European banks are stronger than they were, but not strong enough

THE permanent revolution is rumbling. Ten years after the financial crisis, European bankers must wonder if the regulatory upheaval will ever end (read the article). Next month, two European Union directives start to bite. MiFID2 will make trading more transparent and require banks to charge customers separately for research; PSD2 will expose banks to more competition from tech companies, and from each other, in everything from payment services to budget advice. A new accounting rule, IFRS 9, also comes into effect, requiring faster provisions for credit losses. The post-crisis global capital standards, Basel 3, may finally be nearing completion, implying a further hike in capital requirements for some European lenders.

Amid this blizzard of letters and numbers, the European Commission is advancing on another front. He urges governments and the European Parliament to complete the EU banking union by 2019 and thus cut the “catastrophic loop”, in which banks and weak sovereigns are dragging each other down. Because regulators treat all eurozone government bonds, regardless of their origin, as risk-free, banks have an incentive to top them up to save on equity; and they favor the obligations of their home governments. If sovereign bond prices fall, as they did in Greece, local banks suffer the consequences; if governments have to support lenders, the spiral continues.

Much has already been done to weaken this link. A single supervisor, hosted by the European Central Bank (ECB), watches over the largest lenders in the euro zone. A single resolution board, supported by a central fund, deals with failing banks. However, the banking union is only half finished. The zone’s economic rebound may well make its completion less urgent (see Free Trade). But waiting for the next financial crisis to hit would be the greatest folly.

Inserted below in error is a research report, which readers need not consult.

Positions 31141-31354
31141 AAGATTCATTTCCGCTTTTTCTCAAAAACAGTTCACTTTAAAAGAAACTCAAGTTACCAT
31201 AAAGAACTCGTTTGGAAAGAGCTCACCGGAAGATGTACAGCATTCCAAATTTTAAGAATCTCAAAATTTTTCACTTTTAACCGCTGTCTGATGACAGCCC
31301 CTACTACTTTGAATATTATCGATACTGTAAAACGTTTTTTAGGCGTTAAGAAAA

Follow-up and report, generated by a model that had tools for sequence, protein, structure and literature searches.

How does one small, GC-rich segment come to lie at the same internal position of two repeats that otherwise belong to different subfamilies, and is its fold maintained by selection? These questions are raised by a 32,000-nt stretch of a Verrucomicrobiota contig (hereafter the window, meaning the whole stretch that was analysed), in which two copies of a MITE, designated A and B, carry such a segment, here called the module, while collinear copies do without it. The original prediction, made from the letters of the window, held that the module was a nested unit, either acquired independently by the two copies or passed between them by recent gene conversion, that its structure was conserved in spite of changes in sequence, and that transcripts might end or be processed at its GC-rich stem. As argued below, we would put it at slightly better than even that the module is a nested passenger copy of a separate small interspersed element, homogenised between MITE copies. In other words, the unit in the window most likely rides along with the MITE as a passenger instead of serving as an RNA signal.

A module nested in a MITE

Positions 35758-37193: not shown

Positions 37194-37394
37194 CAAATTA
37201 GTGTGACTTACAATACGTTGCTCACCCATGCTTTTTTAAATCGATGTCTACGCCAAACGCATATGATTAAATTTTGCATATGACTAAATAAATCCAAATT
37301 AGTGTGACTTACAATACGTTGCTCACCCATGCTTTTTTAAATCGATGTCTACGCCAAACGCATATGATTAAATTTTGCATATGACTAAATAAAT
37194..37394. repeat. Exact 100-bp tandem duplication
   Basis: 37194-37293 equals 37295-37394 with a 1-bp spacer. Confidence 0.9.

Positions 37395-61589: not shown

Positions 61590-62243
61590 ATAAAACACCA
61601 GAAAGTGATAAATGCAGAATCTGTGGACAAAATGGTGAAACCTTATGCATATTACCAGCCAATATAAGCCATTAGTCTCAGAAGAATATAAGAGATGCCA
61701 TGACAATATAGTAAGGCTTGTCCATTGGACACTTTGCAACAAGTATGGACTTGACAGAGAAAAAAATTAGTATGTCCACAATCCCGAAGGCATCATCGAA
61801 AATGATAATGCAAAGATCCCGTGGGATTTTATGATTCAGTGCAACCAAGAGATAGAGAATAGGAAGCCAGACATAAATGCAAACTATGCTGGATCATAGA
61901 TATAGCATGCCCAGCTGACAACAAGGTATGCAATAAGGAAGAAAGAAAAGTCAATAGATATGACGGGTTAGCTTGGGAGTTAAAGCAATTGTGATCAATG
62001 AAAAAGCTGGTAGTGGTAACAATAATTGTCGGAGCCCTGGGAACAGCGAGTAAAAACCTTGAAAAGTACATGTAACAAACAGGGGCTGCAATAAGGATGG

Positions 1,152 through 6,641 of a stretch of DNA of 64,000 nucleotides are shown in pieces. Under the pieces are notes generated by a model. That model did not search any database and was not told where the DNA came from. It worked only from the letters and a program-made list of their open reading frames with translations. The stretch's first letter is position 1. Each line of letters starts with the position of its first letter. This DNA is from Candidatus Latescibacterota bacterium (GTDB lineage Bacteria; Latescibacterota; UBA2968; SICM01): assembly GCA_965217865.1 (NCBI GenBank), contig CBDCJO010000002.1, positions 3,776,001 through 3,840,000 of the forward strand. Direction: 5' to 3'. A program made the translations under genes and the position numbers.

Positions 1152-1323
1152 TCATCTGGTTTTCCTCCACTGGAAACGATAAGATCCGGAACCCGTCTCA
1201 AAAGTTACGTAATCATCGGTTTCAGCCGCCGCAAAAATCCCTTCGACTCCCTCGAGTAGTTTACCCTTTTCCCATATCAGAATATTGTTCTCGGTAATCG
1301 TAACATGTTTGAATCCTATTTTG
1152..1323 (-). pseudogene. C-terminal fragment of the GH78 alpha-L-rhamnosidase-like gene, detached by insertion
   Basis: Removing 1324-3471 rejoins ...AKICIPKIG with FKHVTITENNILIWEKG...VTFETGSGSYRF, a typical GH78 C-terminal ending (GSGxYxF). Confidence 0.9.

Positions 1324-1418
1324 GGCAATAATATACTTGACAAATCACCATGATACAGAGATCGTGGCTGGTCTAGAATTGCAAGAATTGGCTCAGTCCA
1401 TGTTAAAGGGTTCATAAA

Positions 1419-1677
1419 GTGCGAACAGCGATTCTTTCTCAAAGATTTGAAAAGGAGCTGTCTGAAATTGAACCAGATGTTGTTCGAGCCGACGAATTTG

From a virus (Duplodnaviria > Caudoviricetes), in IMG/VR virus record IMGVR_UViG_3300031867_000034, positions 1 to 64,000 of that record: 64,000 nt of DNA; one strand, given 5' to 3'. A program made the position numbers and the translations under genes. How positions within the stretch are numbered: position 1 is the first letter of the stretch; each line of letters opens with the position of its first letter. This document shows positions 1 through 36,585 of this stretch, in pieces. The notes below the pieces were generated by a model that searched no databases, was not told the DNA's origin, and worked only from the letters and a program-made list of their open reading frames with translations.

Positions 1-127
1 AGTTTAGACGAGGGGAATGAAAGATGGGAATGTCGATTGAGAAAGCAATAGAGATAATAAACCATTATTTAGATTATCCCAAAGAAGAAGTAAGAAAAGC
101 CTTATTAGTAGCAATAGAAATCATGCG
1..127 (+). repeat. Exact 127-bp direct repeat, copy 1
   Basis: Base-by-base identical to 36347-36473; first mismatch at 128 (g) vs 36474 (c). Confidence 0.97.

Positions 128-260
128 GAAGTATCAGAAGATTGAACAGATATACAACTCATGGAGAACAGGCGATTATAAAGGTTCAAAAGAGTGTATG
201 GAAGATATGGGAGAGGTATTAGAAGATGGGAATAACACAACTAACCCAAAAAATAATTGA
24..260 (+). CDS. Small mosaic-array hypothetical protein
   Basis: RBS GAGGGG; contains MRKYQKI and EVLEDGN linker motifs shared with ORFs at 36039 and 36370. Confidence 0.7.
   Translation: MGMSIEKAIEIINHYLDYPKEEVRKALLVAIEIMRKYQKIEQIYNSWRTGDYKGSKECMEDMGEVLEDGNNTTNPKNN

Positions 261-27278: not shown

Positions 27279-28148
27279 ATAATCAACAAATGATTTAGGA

A big missing piece is a common European deposit insurance scheme. The Germans and other northerners balked at the idea of ​​bailing out supposedly thoughtless southerners. To allay these fears, the commission wants to go gradually: initially, if depositors had to be compensated, a European insurance fund would simply lend money to national schemes, which would then be recovered from other banks.

Northerners will remain wary. This makes two other elements of the commission plan essential supplements to deposit insurance. One is to bolster banks’ buffers, most likely with convertible debt, so they can withstand heavy losses. The other is to tackle the piles of non-performing loans which, although shrinking, still weigh on lenders in Italy and other countries in the South. This requires accelerating and harmonizing insolvency and collateral recovery procedures. The commission and the ECB are also working on rules for faster recognition of duff loans in the future.

All of this makes sense, but to break the catastrophic loop, the commission wants to go further. He studies an ingenious scheme, first proposed by a team of European economists, to create securities backed by a pool of sovereign bonds. The safest slices would be the risk-free asset, without nationality, which is currently lacking in the euro zone.

Cut the rope

While worth pursuing, the transition to the safe asset would be torturous. After the purchases to support the asset, the markets for some government bonds will end up being rather tight. The Germans can suspect that they will remain the ultimate guarantor. Other means of strengthening European banks therefore remain essential. Consolidation, both inside and outside the borders, would be useful. Europe has too many small banks; even its largest lacking scale. And many academics believe that banks around the world should add even more capital to their balance sheets. The completion of the banking union is necessary for financial stability. It’s not sufficient.

This article appeared in the Leaders section of the print edition under the headline “A Job Half Done”